REDi Seismic Downtime Model Released as Open-Source Software to Advance Resilient Design

October 10, 2023

Arup, a global sustainable development consultancy, and the NHERI SimCenter, an NSF-funded center dedicated to accelerating innovation and technology transfer in natural hazards engineering, have aligned efforts to advance the field of post-earthquake functional recovery simulation with the release of the Resilience-Based Design Initiative (REDi™) Seismic Downtime Model. The release is made through PyREDi, an open-source Python package that implements the latest version of Arup’s REDi Seismic Downtime Model, which is available at Arup’s GitHub repository. It is also accessible in an updated version of the SimCenter’s Performance-Based Engineering (PBE) Application, marking a significant contribution to the engineering and disaster resilience communities.

The REDi guidelines were developed by Arup to provide owners, architects, and engineers a framework for resilience-based design for earthquakes, extreme storms, and flooding. This launch provides open access to the official REDi Seismic Downtime Model, allowing practitioners to evaluate the resilience of their building designs, and enabling researchers to better understand and simulate the recovery of buildings and communities after earthquakes. The REDi Seismic Downtime Model can be employed for risk assessment due to its inherent probabilistic nature, making it well-suited for integration into various risk frameworks. By making the model publicly available, the developers foster feedback from the community, and they are committed to provide subsequent updates to ensure that the REDi Seismic Downtime Model continues to represent the state of the art in resilient design and downtime recovery modeling.

"We are thrilled to see these aligned efforts take shape in Arup’s open-source release of REDi and its integration as the first open-source functional recovery simulation engine in the SimCenter PBE Application," said Adam Zsarnóczay, Associate Director for Research Outreach at SimCenter. "This coordination underscores SimCenter’s commitment to driving innovation, supporting open science, and bridging research and practice in the realm of engineering simulations and disaster resilience."

"As demand for resilient buildings and communities grows, equitable access to data and collaborative innovation are keys to ensuring that critical simulations are evolving to better meet the needs of researchers and engineers,” said Ibbi Almufti, Principal at Arup and lead author of the REDi guidelines. “By making the official REDi Seismic Downtime Model and previously unpublished updates open-source, we’re providing more resources to create safer and more resilient communities while championing the latest in technology and resilient design approaches.”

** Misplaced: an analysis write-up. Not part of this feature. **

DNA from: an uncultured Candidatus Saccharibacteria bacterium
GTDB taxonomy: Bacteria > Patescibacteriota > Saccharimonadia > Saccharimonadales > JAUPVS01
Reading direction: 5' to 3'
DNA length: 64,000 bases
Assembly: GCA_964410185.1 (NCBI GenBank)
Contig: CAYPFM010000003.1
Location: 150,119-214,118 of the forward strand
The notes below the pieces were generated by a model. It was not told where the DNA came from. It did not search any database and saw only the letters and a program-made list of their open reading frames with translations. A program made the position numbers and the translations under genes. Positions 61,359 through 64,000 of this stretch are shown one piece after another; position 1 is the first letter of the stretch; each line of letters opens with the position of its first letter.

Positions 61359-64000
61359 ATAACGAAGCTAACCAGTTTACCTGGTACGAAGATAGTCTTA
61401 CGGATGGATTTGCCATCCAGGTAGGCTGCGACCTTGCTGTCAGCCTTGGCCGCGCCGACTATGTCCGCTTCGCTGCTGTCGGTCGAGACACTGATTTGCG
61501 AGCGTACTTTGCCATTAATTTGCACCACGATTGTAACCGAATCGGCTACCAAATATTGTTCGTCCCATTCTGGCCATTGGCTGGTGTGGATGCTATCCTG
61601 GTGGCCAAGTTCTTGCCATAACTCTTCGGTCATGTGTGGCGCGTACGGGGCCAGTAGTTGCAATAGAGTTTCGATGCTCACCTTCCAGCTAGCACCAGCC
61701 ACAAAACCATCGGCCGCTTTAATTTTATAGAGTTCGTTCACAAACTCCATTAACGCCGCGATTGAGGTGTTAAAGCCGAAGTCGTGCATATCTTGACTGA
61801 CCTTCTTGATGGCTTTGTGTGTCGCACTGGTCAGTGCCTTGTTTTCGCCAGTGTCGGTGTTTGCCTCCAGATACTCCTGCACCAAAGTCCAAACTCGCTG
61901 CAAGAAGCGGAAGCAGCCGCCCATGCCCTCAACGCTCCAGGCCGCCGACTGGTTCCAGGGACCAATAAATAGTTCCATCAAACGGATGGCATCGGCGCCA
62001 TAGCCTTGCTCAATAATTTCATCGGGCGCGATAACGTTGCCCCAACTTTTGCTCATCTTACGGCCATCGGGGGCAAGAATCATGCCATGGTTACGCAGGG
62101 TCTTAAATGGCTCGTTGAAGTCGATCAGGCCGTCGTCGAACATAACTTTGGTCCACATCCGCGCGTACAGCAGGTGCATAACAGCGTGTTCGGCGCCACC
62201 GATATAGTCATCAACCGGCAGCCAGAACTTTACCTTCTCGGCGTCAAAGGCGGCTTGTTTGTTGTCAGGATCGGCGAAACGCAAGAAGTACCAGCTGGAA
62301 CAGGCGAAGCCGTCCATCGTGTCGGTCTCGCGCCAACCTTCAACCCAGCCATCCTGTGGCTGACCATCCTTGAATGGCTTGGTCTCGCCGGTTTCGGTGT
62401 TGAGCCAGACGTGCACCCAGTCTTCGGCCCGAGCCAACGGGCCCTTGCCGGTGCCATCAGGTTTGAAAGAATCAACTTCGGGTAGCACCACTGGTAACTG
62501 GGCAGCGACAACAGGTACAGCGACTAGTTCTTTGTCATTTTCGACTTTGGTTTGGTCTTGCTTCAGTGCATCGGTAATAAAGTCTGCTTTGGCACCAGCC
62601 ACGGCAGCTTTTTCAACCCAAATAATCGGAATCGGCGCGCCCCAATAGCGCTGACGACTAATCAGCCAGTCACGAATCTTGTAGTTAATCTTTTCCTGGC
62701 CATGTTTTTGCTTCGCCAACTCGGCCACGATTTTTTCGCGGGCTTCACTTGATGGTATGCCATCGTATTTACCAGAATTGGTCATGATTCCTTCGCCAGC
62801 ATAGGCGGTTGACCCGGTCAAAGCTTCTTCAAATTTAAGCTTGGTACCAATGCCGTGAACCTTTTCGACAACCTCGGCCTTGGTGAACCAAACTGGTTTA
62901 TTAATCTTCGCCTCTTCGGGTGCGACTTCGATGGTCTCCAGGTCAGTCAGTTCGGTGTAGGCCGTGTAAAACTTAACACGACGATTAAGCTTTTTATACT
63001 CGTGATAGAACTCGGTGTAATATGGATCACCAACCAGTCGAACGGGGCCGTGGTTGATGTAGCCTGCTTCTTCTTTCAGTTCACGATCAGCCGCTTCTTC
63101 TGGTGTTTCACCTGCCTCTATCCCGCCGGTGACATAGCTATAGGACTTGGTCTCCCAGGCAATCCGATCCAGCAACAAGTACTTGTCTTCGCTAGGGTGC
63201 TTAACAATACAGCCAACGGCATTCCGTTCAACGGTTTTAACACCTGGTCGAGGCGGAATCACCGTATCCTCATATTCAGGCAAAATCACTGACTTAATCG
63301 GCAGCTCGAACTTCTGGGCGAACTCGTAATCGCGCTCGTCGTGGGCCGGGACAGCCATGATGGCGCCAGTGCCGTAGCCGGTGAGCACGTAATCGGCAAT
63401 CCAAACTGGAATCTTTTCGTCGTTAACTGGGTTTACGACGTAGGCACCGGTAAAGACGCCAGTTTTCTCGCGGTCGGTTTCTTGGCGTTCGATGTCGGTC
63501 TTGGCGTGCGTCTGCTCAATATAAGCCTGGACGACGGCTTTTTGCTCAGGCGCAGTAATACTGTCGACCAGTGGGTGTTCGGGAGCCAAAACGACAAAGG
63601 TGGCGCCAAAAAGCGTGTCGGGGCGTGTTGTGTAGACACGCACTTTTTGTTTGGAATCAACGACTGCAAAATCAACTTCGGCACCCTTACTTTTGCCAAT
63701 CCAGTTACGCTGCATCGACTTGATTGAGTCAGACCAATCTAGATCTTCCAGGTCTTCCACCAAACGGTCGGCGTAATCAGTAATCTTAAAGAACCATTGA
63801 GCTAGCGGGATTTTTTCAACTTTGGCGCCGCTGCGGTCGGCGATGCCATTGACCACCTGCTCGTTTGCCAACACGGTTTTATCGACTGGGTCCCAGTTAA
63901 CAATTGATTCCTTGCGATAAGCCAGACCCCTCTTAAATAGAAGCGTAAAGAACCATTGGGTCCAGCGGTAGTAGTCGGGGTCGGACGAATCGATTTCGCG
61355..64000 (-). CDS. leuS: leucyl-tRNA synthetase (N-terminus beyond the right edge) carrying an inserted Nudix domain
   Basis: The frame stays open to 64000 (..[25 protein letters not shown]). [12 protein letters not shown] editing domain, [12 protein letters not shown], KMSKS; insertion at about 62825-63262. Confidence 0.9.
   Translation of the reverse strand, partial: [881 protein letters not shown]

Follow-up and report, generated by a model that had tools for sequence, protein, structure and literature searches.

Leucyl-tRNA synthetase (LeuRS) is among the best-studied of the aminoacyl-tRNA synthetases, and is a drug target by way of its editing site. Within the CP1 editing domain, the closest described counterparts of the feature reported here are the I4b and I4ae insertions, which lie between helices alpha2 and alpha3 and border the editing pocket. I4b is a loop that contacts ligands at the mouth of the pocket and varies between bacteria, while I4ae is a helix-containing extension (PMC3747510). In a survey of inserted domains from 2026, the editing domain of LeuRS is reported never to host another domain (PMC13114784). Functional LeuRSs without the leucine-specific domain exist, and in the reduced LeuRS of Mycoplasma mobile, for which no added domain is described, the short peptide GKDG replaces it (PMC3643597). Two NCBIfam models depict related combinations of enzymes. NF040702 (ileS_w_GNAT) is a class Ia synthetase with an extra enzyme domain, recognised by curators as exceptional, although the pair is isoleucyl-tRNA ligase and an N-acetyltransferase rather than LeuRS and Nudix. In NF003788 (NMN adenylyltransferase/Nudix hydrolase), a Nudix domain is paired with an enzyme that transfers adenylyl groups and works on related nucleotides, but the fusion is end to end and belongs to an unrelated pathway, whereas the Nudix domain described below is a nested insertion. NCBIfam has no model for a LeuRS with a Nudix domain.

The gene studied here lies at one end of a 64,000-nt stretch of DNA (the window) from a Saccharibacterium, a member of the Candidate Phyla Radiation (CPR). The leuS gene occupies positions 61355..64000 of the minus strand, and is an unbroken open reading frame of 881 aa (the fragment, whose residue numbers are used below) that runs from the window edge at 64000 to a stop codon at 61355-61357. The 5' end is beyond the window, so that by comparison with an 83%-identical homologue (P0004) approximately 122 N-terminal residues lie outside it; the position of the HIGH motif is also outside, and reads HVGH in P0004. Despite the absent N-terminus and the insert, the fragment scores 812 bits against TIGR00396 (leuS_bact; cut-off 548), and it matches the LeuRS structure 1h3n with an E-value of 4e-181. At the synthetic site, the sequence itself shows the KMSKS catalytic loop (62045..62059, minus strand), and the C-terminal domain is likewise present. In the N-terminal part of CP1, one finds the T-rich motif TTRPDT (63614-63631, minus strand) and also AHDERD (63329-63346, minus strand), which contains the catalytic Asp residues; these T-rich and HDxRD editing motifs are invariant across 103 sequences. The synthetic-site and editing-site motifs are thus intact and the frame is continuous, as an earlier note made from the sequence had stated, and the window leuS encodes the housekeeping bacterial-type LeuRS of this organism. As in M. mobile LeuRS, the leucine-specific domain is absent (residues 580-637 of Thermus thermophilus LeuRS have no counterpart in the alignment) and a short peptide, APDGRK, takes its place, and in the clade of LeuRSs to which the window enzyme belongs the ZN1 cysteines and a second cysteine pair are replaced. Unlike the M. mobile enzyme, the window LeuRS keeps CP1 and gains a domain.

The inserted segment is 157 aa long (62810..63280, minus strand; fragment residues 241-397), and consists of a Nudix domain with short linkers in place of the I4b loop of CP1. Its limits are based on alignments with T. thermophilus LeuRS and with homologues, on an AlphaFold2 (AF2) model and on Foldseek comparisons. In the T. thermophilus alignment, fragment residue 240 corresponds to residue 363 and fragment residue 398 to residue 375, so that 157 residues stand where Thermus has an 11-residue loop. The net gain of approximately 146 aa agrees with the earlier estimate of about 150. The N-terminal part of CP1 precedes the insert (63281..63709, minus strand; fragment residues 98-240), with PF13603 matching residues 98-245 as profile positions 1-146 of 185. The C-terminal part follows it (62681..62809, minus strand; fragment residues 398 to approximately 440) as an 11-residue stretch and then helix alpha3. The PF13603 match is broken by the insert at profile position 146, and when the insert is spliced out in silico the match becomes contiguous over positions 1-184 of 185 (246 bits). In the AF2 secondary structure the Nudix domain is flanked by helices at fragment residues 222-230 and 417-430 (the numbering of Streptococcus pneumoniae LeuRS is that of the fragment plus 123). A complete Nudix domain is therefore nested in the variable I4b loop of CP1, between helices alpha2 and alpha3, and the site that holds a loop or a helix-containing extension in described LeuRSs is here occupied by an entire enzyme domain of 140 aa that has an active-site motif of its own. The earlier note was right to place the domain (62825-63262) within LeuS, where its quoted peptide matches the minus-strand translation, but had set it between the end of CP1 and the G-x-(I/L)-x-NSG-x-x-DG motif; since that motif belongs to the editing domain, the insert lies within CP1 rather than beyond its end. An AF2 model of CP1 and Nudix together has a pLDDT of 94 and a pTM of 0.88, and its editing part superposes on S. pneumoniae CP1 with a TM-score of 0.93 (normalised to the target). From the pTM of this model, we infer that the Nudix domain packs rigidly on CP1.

The extended SimCenter PBE Application is available for download through SimCenter’s website. To facilitate users getting started, an example problem and corresponding documentation are available in the PBE Application. Detailed documentation describing the REDi Seismic Downtime Model methodology can be found on Arup’s REDi Rating System site.

To access the open-source version of the REDi Seismic Downtime Model, please visit these platforms:

Feedback is welcome from all users. To provide insights or inquiries about this development, please email the SimCenter’s Dr. Adam Zsarnóczay ( and Arup’s Dr. Stevan Gavrilovic (

About Arup: Dedicated to sustainable development, Arup is a collective of designers, consultants and experts working globally. Founded to be humane and excellent, we collaborate with our clients and partners using imagination, technology, and rigor to shape a better world.

About SimCenter: The NHERI SimCenter, comprised of researchers and experts in natural hazards, provides researchers and practitioners access to next-generation computational modeling and simulation software tools, user support, and educational materials needed to advance their capability to simulate the impact of natural hazards on structures, lifelines, and communities. The SimCenter is supported by grants from the National Science Foundation (1612843 & 2131111).